Sunday trading proposals 'will damage high streets'

Sunday trading proposals 'will damage high streets'

The government will move forward with plans to allow councils in England and Wales to relax Sunday trading laws in a bid to "help struggling high streets", despite opposition from MPs and trade unions.

During the second reading of the debate of the Enterprise Bill in the House of Commons yesterday (2nd February), business minister Sajid Javid (pictured) said plans to deregulate Sunday trading hours would be added to the Bill during the Committee Stage.

However, the announcement has brought widespread opposition from MPs, with shadow business minister Kevin Brennan saying pushing the changes through at this late stage of the Enterprise Bill was a “gross abuse of power”. Toby Perkins MP meanwhile adddc that it was “entirely the wrong way to legislate.”

According to the BBC, unions said ministers were “behaving disgracefully by trying to change Sunday trading by the back door.”

The existing Sunday trading laws allow small shops of less than 3,000 sq ft to open all day but prevent large stores from opening for more than six hours on a Sunday. The new proposals will allow local authorities to extend Sunday opening hours in their areas if they decide to.

Trade bodies have hit out at the plans with independent retailers saying the move will “damage” small high street stores.

James Lowman, c.e.o. of the Association of Convenience Stores, which represents thousands of local shops, said: “Changing Sunday trading regulations will not help the high street; it would actually damage small high street stores as trade would get diverted to large out of town supermarkets.

“While ministers talk of increasing high street sales, our survey of local councils shows that extended Sunday hours would be applied to out of town parks, hurting high streets.”

He added: “The government’s claim that there is a link between the growth of online retailing and the opening hours of shops is simply wrong. Many stores opened for very long hours on Black Friday, only to see more customers stay at home and shop online than in previous years. Shoppers are using the internet to search out lower prices, to save time, and to access a wide range of products.  Sunday trading restrictions are not a factor in the growth of on line shopping.”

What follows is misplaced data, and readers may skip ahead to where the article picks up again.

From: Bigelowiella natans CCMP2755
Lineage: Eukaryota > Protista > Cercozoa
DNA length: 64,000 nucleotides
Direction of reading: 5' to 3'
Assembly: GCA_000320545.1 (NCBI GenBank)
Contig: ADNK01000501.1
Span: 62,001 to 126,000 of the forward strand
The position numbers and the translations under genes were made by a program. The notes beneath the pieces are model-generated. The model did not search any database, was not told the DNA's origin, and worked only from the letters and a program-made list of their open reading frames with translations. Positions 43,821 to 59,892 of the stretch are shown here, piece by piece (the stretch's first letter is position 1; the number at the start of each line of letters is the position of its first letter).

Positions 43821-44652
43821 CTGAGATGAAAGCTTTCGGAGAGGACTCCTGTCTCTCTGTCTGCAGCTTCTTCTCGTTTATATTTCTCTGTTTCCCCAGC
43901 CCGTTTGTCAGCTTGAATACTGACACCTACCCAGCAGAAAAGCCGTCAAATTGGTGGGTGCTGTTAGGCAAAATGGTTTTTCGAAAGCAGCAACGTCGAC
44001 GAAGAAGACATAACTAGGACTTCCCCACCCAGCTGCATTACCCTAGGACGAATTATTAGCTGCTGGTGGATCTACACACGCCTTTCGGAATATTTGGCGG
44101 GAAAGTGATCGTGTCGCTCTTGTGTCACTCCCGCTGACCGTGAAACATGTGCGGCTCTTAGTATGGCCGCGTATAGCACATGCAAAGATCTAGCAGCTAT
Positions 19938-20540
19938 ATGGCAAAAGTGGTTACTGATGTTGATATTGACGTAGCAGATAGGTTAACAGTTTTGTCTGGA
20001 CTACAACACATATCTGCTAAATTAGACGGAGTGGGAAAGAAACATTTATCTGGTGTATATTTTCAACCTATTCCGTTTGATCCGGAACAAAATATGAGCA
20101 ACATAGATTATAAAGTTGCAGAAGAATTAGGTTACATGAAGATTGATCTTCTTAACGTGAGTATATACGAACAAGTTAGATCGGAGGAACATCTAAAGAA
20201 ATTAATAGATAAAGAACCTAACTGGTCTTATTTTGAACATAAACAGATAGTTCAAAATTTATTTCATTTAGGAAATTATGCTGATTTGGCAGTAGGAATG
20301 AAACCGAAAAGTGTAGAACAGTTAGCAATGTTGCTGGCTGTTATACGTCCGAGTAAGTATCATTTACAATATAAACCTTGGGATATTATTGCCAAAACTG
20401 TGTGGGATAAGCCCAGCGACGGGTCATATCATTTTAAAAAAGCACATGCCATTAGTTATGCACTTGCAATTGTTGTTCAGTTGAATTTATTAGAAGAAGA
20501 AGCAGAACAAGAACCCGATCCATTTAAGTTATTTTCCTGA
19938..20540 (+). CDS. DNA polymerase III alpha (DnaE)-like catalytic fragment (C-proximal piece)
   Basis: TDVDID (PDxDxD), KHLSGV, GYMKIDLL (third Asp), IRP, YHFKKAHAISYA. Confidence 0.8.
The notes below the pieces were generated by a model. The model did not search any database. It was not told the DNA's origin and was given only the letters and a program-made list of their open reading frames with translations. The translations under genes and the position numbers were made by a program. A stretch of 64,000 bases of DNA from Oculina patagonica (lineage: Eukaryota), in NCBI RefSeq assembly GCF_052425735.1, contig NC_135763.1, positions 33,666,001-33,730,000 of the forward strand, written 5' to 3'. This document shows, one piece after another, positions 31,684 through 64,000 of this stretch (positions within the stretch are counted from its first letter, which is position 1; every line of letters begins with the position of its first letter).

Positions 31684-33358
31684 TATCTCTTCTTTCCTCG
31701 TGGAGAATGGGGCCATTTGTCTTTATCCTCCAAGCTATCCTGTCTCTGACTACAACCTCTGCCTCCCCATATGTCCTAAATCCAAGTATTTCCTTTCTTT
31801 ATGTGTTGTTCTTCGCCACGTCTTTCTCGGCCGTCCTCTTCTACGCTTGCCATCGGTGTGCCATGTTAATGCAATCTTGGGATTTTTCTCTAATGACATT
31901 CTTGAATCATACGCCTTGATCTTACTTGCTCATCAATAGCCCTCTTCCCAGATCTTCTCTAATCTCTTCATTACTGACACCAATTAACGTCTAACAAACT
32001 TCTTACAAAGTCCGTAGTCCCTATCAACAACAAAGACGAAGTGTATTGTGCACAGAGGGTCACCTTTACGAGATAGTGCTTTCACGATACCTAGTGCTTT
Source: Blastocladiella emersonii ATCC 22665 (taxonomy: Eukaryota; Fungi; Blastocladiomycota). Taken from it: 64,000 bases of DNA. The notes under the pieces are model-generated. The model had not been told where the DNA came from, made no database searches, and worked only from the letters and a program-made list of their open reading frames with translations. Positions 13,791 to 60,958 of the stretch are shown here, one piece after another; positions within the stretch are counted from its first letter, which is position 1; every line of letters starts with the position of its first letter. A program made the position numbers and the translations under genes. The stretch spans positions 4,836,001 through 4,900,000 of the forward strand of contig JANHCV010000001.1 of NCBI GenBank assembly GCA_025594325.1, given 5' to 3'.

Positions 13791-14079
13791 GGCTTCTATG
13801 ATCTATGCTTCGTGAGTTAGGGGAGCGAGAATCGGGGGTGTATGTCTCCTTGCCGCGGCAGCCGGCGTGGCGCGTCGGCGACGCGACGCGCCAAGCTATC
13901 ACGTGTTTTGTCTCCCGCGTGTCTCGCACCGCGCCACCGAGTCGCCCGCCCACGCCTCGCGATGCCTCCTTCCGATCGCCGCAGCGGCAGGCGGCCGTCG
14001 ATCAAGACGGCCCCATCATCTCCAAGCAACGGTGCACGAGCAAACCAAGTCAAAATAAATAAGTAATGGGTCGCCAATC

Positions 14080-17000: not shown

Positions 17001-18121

Booksellers have previously warned about the consequences of relaxing the trading laws, with Foyles c.e.o. Paul Currie arguing those which don’t open on a Sunday could lose out.

He said: “When Sunday trading came in, the view was that it would only spread existing sales, rather than add value. This seems to have been proved correct, it has not added sales, but if you don’t trade on a Sunday you will lose out. I suspect the same will be true of extended hours.”

James Daunt, m.d. of Waterstones, has said: "Where I am concerned is the impact it will have on the high street, if the large Tesco out of town is allowed to open 24 hours when other shops won't have the capacity to do that." However, Daunt added that he didn't think it would make a great difference to shops competing with online retailers.

Last summer, the Booksellers Association called on its members to respond to the BIS consultation on Sunday trading hours.

The government said the response to the consultation would be published “shortly”.